WikiLeaks, the AIPAC case and lobotomies


In the Washington Post, Baruch Weiss, the defense attorney who represented Keith Weissman in the government’s classified information case against Weissman and his ex-boss, Steve Rosen, the former AIPAC foreign policy honcho, outlines the difficulties of making a similar case agains WikiLeaks founder Julian Assange.

The key takeaways:

–Under the only relevant law that seemingly criminalizes civilians who relay classfied information, the 1917 Espionage Act, prosecutors must show that Assange sought to damage U.S. national security. This is a very high hill to climb, made evident when the government dropped the charges against Rosen and Weissman a year and a half ago. You also have to show there was damage, no easy thing in the short term.

–First Amendment freedoms will necessarily haunt any case.

–It’s almost impossible to prove something is secret without revealing other secrets.

Josh Gerstein, who did yeoman’s work covering the AIPAC trial for the New York Sun and Politico, assesses the First Amendment difficulties of trying such a case here.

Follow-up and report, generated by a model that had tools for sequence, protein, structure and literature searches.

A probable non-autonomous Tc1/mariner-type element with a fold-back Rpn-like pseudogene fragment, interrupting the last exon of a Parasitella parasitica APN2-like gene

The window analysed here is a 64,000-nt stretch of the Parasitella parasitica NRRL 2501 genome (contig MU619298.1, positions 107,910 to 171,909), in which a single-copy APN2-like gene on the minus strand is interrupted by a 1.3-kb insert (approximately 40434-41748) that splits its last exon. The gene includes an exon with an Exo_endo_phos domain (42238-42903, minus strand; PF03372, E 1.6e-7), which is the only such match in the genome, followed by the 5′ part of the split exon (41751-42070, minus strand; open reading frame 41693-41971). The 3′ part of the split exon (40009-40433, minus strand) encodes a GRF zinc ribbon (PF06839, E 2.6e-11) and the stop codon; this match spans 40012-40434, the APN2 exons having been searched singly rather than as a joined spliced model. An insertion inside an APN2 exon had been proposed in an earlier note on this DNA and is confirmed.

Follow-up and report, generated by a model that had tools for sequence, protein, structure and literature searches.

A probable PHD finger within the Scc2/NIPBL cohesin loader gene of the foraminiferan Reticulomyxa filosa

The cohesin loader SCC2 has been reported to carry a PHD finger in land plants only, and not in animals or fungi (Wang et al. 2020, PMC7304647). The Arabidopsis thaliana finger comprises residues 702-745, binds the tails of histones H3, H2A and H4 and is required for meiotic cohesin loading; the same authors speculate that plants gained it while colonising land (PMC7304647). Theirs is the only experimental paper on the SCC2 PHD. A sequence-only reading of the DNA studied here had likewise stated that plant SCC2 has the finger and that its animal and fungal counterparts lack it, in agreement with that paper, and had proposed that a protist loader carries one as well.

At Lawfare, Benjamin Wittes has smart takes here and here (citing Stephen Vladeck, pdf) on why the relevant section of the 1917 Act, 793 (e) is so problematic, and here on why a proposed law backed by Sens. Joe Lieberman (I-Conn.), John Ensign (R-Nev.) and Scott Brown (R-Mass.) would quite likely make matters worse. Here’s Wittes on the central weakness of 793 (e):

By its terms, it criminalizes not merely the disclosure of national defense information by organizations such as Wikileaks, but also the reporting on that information by countless news organizations. It also criminalizes all casual discussions of such disclosures by persons not authorized to receive them to other persons not authorized to receive them–in other words, all tweets sending around those countless news stories, all blogging on them, and all dinner party conversations about their contents. Taken at its word, the Espionage Act makes felons of us all.

Or, as Judge T.S. Ellis, the federal judge who handled the AIPAC case, put it so memorably in 2006, pressing prosecutors on what Rosen and Weissman should have done when they were made aware of allegedly classified information:

What are they supposed to do, have a lobotomy?

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